For many years Blas Piñar was the uncrowned leader of the segment of Spain’s extreme right which remained stubbornly loyal to the fast-fading memory of General Franco. In fact, as even the right-wing daily ABC recognised in its obituary of Piñar – which ended, predictably, with the traditional Francoist “¡¡¡Arriba España!!!” – Piñar was “the [political] model of a Spain we no longer know.”
Following the death of Franco, the original Caudillo, or Leader, in 1975, Pinar’s Fuerza Nueva (FN) party briefly united Spain’s extreme right. One of the traditional chants at FN meetings and Franco memorial rallies used to be “¡Caudillo Blas Piñar!”, making it clear that for them at least, Piñar – invariably besuited, hair gelled in place and using his considerable skills as a speaker to emphasise that he was every inch the General’s man – was destined to carry on the Generalissimo’s “Crusade” (as it was called by his supporters) against the Communists, Freemasons and left-wing subversives.
Piñar was born in Toledo – his father was a pro-Franco army officer who took part in the famous defence of the Alcazar palace in the early days of the Civil War. He qualified as a lawyer in 1949 and in 1962 was appointed by Franco to be a member of the National Council of El Movimiento, the one party allowed to exist in the dictatorship, and of the Cortes, Spain’s pseudo-parliament of those years.
A hardline conservative even by Francoist standards, Piñar was a vocal opponent of legislation in the later dictatorship years aimed at increasing religious freedom for non-Catholics, and again in 1972, when it was proposed to open up trade with Franco’s old enemy, the Soviet Union. He founded the Fuerza Nueva publishing house in the mid-1960s with the aim of maintaining the original ideals of the 1936 military uprising or “Crusade”, as FN called it, principally through its weekly magazine and Piñar’s ferocious attacks on any latent liberalism in the Franco regime.
Piñar was equally aggressive towards Prime Minister’s Suarez’s pro-democratic political reforms once Franco died, calling it “a complete break with the past... and the liquidation of Franco’s work.” In the 1976 referendum that paved the way for a constitutional monarchy, Pinar spearheaded the opposition; FN’s magazine published a front cover of Franco with the headline: “He would have voted ‘No’”.
Spain voted by 97 per cent to two per cent in favour of reform, but that did not stop Piñar and his supporters assembling the following year on the anniversary of Franco’s death, 20 November, chanting “Put the Army Back in Power!” Every time the Basque terrorist group Eta killed a member of the police force or army, FN members would be at the funeral yelling anti-government, pro-military dictatorship slogans. And when the FN was formally created as a party in 1976, its official motto – “God, Country and Justice” – was an unmistakeable indication of its Francoist roots.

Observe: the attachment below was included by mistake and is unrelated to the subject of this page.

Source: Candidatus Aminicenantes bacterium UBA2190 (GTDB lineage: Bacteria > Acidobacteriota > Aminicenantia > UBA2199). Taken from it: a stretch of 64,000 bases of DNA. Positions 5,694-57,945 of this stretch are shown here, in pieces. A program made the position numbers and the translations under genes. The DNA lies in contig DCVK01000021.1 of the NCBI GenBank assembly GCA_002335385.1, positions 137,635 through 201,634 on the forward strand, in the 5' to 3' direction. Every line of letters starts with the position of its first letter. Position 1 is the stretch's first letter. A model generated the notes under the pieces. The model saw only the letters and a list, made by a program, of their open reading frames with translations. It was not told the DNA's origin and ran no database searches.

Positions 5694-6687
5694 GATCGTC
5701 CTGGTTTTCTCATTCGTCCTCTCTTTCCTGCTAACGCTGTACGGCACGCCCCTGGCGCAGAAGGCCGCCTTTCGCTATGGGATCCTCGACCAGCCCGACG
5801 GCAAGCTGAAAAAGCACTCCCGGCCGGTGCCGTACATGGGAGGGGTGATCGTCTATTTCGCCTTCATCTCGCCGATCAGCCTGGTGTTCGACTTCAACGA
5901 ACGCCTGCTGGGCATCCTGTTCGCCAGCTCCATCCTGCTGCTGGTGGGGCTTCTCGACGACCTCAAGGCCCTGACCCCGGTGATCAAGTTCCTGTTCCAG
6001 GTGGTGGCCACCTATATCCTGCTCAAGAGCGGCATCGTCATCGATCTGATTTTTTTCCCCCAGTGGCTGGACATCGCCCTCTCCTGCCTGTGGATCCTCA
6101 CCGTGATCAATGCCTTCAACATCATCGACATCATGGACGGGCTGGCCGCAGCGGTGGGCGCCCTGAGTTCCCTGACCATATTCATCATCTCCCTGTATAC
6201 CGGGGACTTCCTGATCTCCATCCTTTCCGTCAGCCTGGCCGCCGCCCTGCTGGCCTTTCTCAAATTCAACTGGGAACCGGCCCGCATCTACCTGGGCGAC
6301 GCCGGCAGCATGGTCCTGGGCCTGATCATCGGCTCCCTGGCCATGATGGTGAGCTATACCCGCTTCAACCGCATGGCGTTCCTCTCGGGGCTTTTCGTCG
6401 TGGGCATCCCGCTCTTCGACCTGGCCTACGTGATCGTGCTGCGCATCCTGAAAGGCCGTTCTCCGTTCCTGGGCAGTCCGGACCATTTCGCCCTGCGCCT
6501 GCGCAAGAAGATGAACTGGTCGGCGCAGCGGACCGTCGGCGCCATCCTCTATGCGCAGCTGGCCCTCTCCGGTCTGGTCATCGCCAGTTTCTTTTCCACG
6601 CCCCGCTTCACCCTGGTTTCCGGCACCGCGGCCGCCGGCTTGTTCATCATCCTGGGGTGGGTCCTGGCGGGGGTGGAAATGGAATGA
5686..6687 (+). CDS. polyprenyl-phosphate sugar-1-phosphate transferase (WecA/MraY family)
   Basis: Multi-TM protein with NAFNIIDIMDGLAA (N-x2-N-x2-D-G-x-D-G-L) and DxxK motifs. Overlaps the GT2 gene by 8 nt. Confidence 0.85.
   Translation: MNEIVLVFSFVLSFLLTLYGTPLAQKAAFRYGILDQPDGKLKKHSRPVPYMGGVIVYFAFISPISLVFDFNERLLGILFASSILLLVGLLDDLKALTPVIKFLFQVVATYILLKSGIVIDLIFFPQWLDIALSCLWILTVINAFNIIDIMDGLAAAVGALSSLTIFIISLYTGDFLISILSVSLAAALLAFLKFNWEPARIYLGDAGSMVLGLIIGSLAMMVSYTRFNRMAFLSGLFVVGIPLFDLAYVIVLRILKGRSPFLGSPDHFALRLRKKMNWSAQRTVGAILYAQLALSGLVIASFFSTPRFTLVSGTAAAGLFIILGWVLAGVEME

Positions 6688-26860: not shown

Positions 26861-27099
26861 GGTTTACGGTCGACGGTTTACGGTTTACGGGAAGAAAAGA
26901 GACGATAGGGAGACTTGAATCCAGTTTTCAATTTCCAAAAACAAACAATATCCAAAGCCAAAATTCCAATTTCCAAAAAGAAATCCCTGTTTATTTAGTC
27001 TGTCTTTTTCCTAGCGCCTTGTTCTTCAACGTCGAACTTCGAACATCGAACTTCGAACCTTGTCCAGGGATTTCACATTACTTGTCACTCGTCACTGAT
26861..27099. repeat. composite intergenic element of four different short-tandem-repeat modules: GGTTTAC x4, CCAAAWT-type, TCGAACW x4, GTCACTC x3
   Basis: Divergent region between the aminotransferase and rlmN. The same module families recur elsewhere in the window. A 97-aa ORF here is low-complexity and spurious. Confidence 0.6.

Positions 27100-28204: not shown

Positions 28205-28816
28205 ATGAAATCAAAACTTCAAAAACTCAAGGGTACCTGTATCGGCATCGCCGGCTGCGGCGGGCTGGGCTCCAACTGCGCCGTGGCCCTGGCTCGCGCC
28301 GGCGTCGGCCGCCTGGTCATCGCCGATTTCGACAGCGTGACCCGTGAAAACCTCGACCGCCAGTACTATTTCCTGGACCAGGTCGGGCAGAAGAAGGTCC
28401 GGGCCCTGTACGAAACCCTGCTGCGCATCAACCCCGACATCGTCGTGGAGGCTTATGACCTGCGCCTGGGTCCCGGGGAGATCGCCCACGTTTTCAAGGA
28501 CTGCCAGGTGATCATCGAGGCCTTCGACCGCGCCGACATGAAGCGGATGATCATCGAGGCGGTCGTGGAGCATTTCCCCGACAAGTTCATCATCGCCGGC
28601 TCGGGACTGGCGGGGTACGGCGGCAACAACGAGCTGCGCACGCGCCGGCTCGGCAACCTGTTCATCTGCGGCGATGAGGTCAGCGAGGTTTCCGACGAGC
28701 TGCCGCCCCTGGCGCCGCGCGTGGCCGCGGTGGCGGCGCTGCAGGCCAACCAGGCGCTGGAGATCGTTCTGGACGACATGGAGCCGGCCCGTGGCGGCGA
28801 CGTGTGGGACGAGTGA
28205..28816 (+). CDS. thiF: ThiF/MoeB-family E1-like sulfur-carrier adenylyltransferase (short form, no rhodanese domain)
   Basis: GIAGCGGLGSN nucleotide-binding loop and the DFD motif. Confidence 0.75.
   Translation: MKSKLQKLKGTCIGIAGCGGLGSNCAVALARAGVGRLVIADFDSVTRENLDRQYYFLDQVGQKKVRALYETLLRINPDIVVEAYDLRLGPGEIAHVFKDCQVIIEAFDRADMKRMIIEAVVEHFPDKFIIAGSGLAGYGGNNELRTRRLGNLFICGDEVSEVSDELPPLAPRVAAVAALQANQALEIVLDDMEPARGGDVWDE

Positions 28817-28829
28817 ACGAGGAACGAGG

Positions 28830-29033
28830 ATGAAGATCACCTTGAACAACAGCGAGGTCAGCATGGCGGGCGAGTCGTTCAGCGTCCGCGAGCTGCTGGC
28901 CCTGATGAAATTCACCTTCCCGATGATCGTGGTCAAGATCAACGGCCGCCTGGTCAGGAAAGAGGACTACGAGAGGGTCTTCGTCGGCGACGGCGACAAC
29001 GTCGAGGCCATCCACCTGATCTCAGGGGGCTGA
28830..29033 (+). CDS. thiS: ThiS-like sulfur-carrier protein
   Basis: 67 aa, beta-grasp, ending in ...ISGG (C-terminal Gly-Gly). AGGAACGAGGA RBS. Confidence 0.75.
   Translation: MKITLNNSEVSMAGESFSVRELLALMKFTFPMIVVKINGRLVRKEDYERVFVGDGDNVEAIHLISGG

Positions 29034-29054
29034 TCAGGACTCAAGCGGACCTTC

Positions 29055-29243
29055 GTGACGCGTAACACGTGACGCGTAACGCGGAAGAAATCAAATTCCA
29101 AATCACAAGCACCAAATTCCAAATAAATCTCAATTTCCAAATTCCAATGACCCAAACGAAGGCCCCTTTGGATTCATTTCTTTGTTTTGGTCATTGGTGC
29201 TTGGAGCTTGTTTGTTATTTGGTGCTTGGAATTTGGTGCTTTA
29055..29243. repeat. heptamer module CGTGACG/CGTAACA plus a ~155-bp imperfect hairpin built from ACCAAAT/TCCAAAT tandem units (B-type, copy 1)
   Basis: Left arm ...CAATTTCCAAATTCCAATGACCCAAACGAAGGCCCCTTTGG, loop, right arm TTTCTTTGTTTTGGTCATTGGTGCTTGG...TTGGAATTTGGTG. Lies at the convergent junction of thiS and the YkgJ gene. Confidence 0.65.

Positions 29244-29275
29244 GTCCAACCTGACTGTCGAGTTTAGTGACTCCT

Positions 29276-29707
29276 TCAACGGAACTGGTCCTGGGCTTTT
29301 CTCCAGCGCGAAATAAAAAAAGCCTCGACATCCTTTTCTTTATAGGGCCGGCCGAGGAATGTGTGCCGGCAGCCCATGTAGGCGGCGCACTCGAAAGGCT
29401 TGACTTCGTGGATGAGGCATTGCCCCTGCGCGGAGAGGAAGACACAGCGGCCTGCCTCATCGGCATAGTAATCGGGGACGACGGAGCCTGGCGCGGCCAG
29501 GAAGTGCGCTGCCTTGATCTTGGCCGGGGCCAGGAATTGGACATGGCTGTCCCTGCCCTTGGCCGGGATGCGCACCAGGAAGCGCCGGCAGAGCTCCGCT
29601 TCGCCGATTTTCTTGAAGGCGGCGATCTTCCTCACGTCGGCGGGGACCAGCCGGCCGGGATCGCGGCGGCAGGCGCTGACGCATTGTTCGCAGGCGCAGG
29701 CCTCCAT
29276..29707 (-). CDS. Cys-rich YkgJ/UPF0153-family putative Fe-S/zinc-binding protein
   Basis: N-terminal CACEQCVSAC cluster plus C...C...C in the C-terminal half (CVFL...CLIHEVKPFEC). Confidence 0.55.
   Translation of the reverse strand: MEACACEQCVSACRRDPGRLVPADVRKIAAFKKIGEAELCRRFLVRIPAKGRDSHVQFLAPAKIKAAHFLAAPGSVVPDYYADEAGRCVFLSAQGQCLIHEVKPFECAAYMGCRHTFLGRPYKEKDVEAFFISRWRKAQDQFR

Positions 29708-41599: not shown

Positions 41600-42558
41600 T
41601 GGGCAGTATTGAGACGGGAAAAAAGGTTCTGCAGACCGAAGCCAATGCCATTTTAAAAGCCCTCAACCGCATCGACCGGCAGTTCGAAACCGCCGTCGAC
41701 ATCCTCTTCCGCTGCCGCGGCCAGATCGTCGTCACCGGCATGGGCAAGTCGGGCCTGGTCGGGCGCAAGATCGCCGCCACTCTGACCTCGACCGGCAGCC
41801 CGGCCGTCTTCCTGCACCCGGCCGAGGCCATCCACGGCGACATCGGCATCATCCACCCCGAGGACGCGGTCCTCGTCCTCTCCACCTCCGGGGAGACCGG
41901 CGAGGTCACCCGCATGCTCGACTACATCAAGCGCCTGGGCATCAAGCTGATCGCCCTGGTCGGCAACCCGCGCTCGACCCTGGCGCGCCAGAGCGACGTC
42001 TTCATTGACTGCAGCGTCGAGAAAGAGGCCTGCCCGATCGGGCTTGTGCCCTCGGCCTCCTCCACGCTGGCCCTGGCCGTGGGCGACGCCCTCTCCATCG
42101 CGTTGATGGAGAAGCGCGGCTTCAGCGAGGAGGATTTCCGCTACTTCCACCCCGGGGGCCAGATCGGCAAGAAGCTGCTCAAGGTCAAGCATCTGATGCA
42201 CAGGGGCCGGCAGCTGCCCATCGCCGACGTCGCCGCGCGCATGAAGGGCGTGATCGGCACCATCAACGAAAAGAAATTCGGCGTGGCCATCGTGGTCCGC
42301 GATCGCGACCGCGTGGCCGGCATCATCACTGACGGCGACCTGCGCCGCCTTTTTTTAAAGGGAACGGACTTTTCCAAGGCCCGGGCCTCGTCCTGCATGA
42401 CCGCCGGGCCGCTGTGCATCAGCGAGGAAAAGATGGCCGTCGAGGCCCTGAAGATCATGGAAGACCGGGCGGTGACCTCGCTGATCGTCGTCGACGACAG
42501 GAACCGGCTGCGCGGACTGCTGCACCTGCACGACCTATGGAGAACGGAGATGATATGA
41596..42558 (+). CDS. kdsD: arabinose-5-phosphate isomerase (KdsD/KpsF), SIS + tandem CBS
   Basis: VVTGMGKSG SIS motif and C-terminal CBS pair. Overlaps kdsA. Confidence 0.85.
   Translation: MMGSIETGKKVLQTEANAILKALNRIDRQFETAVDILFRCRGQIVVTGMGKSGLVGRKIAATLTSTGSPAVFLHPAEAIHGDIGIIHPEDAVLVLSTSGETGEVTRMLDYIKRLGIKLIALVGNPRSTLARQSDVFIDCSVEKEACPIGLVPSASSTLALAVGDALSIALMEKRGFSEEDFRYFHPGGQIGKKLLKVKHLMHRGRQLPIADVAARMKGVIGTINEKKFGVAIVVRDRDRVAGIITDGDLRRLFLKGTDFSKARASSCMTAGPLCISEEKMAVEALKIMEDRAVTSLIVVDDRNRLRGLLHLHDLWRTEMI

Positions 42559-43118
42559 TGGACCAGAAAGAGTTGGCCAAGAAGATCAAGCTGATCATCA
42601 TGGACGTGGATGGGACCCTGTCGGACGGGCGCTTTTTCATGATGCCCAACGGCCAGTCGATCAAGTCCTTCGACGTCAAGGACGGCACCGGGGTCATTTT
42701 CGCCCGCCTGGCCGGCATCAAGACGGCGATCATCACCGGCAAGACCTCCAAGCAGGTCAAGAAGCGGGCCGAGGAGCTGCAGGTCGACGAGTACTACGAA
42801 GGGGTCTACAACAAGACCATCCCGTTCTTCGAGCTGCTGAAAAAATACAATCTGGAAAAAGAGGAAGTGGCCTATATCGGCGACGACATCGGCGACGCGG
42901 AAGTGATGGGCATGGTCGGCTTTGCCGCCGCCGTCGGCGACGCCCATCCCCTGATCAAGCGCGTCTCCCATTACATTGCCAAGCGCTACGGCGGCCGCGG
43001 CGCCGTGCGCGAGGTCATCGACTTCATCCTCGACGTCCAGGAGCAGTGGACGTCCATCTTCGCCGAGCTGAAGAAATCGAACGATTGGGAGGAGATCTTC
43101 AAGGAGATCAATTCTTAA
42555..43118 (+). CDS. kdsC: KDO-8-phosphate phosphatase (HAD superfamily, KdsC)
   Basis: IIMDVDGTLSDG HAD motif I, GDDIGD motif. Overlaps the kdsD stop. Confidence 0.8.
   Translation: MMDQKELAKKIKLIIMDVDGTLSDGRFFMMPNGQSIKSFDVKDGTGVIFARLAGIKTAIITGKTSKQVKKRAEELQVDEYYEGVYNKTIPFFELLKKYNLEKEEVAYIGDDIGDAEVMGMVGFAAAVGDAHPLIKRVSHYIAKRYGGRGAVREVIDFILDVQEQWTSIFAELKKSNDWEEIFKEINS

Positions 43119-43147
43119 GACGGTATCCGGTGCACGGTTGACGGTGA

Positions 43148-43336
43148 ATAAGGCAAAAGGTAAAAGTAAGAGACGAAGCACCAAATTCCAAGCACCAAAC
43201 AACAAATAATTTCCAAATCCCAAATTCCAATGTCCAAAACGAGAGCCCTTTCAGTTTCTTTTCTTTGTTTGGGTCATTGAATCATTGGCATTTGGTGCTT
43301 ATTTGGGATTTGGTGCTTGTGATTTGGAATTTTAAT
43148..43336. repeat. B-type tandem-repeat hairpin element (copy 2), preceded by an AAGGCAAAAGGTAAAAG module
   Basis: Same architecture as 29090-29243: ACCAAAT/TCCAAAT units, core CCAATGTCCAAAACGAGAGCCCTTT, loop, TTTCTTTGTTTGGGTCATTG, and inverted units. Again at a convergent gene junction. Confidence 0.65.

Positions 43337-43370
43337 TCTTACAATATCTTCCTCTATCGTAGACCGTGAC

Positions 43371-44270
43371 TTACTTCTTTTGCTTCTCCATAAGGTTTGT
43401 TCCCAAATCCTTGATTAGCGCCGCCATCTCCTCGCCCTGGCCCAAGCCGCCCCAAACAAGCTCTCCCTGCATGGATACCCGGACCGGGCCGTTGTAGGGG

While FN militants in “action groups” took part in crypto-military training sessions and elements of the party were widely linked to the spate of right-wing anti-democratic violence of the late 1970s, the FN also stood in the elections they so scorned, but with scant success. In February 1977 they won no seats, then in 1979, after the pro-Franco groupings joined forces under the FN banner, Piñar was elected as the extreme right’s lone MP.
But though Piñar saw himself as carrying Franco’s legacy forward, when the one significant military uprising of Spain’s new democracy took place, on 23 February 1981, he was not one of the conspirators. Instead, along with all his fellow MPs, Piñar spent 18 hours as a hostage of Colonel Tejero’s force of Civil Guards in Spain’s Parliament. In the 1982 elections Piñar lost his seat.
Beset with debts, FN disintegrated shortly after, but Piñar continued as a reference point for Spain’s increasingly fractured extreme right, and the FN re-emerged as Frente Nacional [National Front] four years later. Piñar attempted to re-ignite “the Crusade” with a more up-to-date form of virulent ultra-conservative nationalism, squeezing out the more violent elements from his associations and even recognising Spain’s democratic constitution.
However, he had fewer and fewer followers, with a former Franco government minister, Manuel Fraga, drawing away a large segment of those nostalgic for the former regime into his Alianza Popular party, which mutated into the Partido Popular that governs Spain today.
Although retired from political activity in recent years – when he ran into his arch-enemy Santiago Carrillo, former head of Spain’s Communist Party, in a Madrid hospital in 2007, it was more a source of amusement than of concern that the two octogenarians would come to blows – Piñar continued to be an emblematic figure for Spain’s hard right. He was named honorary president of the ultra-conservative Alternativa Española (AES) party when it was created in 2003 and nominated by the AES for local elections in Toledo in 2011 – although given that he was last on their list of candidates it was a purely symbolic gesture. He also continued writing for the Fuerza Nueva publishing house, with his last article sent in for publication last Friday.
Blas Piñar: politician: born Toledo, Spain 22 November 1918; married Carmen Gutiérrez Duque (eight children); died Madrid January 28 2014.